Brownian thought space

Cognitive science, mostly, but more a sometimes structured random walk about things.

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Chronically curious モ..

Saturday, December 15, 2007

Family Notes

Even before I've landed in India, my mom gets a call from her aunt in Houston, TX. "Do you remember my friend Mrs. Somethin-or-the-other? She has this daughter...". See where it's headed? Some aunts here do that. Like my mom's other aunt in Pune who invited her over and pressed her with some ginger biscuits. The next day she called
Aunt: Did you like the ginger biscuits? Mom: I guess... Aunt: So, my neighbors have this daughter; she's a whiz at making ginger biscuits. Say, why don't we go meet her?
See where it's headed? My grandfather, here in Bombay, sometimes doesn't quite get it. He used to be an opthalmologist, and is one of the proudest men who ever took the hippocratic oath. Yet somehow he can't quite seem to link a heaving and coughing (with such wrenching ferocity that I sometimes feel he will turn inside-out) with his "occasional" cigarette. As I was comfortably seated in the bathroom for a well-deserved quiet moment with my book and an easing of the bowels, I hear the following conversation that has left me puzzled:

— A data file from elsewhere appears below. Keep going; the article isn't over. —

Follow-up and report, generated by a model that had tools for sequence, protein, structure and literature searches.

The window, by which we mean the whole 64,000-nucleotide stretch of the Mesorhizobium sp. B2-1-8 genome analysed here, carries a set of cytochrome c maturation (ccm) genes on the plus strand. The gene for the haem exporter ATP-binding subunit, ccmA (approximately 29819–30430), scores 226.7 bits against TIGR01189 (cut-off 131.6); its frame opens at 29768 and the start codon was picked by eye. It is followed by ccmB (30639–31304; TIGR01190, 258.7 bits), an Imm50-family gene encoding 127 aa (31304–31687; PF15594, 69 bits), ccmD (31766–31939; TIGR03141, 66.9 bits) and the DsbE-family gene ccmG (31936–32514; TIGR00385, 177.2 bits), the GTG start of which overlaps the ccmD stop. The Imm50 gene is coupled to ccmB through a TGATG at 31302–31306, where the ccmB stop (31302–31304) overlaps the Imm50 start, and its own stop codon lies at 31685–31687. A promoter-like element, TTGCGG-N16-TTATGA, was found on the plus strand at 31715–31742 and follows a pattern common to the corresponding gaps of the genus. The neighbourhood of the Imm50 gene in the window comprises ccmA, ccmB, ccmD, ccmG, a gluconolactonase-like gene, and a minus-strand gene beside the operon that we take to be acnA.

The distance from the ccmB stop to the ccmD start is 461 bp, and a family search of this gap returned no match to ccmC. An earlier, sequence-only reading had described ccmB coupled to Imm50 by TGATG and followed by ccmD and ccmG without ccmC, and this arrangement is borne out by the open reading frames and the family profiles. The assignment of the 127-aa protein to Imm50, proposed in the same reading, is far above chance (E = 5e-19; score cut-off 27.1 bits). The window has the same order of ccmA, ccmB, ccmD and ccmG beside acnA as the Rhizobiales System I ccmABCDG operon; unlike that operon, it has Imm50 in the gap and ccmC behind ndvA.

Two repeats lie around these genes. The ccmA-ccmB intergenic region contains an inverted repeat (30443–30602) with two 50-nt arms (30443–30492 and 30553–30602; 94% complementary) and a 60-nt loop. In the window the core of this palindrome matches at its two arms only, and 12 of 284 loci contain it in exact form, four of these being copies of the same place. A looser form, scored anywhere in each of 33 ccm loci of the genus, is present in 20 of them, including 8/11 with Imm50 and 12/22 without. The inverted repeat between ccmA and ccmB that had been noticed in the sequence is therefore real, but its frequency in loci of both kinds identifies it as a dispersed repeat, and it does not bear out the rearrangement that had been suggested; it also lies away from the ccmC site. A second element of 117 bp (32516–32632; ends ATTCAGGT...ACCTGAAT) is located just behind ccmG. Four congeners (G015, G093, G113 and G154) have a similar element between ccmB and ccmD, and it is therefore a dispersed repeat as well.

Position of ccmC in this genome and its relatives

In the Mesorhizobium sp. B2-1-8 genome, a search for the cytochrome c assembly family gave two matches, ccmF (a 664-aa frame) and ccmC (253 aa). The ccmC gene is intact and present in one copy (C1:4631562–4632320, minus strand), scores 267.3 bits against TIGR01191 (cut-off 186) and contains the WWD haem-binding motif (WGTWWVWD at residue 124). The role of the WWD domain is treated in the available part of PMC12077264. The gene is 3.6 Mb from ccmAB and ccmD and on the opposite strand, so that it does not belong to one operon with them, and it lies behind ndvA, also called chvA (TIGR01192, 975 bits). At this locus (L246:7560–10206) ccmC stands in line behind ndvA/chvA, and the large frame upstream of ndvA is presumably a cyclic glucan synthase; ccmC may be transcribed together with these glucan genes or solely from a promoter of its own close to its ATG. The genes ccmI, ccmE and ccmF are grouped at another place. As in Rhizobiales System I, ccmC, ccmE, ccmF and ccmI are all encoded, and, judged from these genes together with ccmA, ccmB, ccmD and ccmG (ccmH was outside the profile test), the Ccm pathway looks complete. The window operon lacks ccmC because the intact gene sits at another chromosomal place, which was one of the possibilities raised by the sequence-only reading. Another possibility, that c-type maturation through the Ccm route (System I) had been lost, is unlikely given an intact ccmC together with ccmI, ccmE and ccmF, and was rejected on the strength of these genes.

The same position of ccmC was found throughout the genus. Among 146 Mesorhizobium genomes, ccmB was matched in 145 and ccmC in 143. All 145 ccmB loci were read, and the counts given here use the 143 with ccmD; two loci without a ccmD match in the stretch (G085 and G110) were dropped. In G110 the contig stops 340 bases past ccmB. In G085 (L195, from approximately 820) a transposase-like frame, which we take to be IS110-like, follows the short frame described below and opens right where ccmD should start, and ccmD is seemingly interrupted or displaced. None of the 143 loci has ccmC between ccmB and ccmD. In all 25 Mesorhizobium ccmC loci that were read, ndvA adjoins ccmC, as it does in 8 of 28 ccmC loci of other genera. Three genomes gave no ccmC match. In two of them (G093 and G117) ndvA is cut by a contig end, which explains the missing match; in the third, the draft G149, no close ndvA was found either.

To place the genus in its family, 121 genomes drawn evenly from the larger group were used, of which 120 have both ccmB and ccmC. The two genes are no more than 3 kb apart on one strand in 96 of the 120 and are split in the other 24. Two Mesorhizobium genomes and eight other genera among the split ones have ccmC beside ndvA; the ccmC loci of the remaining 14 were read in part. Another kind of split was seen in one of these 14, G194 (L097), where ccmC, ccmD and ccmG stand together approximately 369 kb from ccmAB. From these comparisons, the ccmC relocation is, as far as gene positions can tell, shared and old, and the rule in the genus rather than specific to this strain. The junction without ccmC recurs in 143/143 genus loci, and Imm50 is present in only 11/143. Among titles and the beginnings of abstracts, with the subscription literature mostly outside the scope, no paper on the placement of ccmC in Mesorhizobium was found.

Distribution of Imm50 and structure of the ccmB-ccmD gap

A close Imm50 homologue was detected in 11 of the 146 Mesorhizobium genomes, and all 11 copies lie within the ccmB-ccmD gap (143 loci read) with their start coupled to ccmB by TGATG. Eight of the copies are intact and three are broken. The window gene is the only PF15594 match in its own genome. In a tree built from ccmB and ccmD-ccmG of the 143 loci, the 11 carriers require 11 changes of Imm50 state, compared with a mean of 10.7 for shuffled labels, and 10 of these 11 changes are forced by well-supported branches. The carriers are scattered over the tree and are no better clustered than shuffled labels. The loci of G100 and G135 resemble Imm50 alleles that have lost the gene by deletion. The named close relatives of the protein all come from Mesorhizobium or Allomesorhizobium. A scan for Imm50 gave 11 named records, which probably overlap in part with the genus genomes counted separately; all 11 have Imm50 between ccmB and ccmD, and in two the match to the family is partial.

Gramps: Where's M? Mom: He's in the toilet. G: What's he doing there? M: Umm.. he's in the toilet. G: Is he shaving? M: No; he's in the toilet.
At this point, thankfully, he went off for a smoke. But not much later, he quizzes me about American life.
Gramps: You know, I see that in all these American films, people are always going out and eating and drinking wine. So I suppose that's what everyone always does? Me: Yes. And they all carry guns, and New York is regularly invaded by aliens. G: So are you part of the American culture? Me: Yes.. but I haven't seen any aliens yet. G: Oh.
Sometimes I think he doesn't get it. As the bathroom incident might have suggested, Indians tend to be rather uptight about most bodily functions. We do it a lot, as the last census and the Mahim creek indicates. Still, when my dad was telling me about someone I knew when I was little (I'd broken his leg (this boy's, not my dad's) by mistake. He now lives near my parents' place in Pune and is a big tough guy. I need to go make my peace), he mentioned that his (said boy's, not my dad's) older brother was married and "blessed with a son". Really, I only associate "blessed with a son" with this incident about 2007 years ago, somewhere in Judea, but as far as we are concerned, it's a commonplace incident. Lucky thing Judea wasn't in India, eh? Everyone is "blessed with a son" here...

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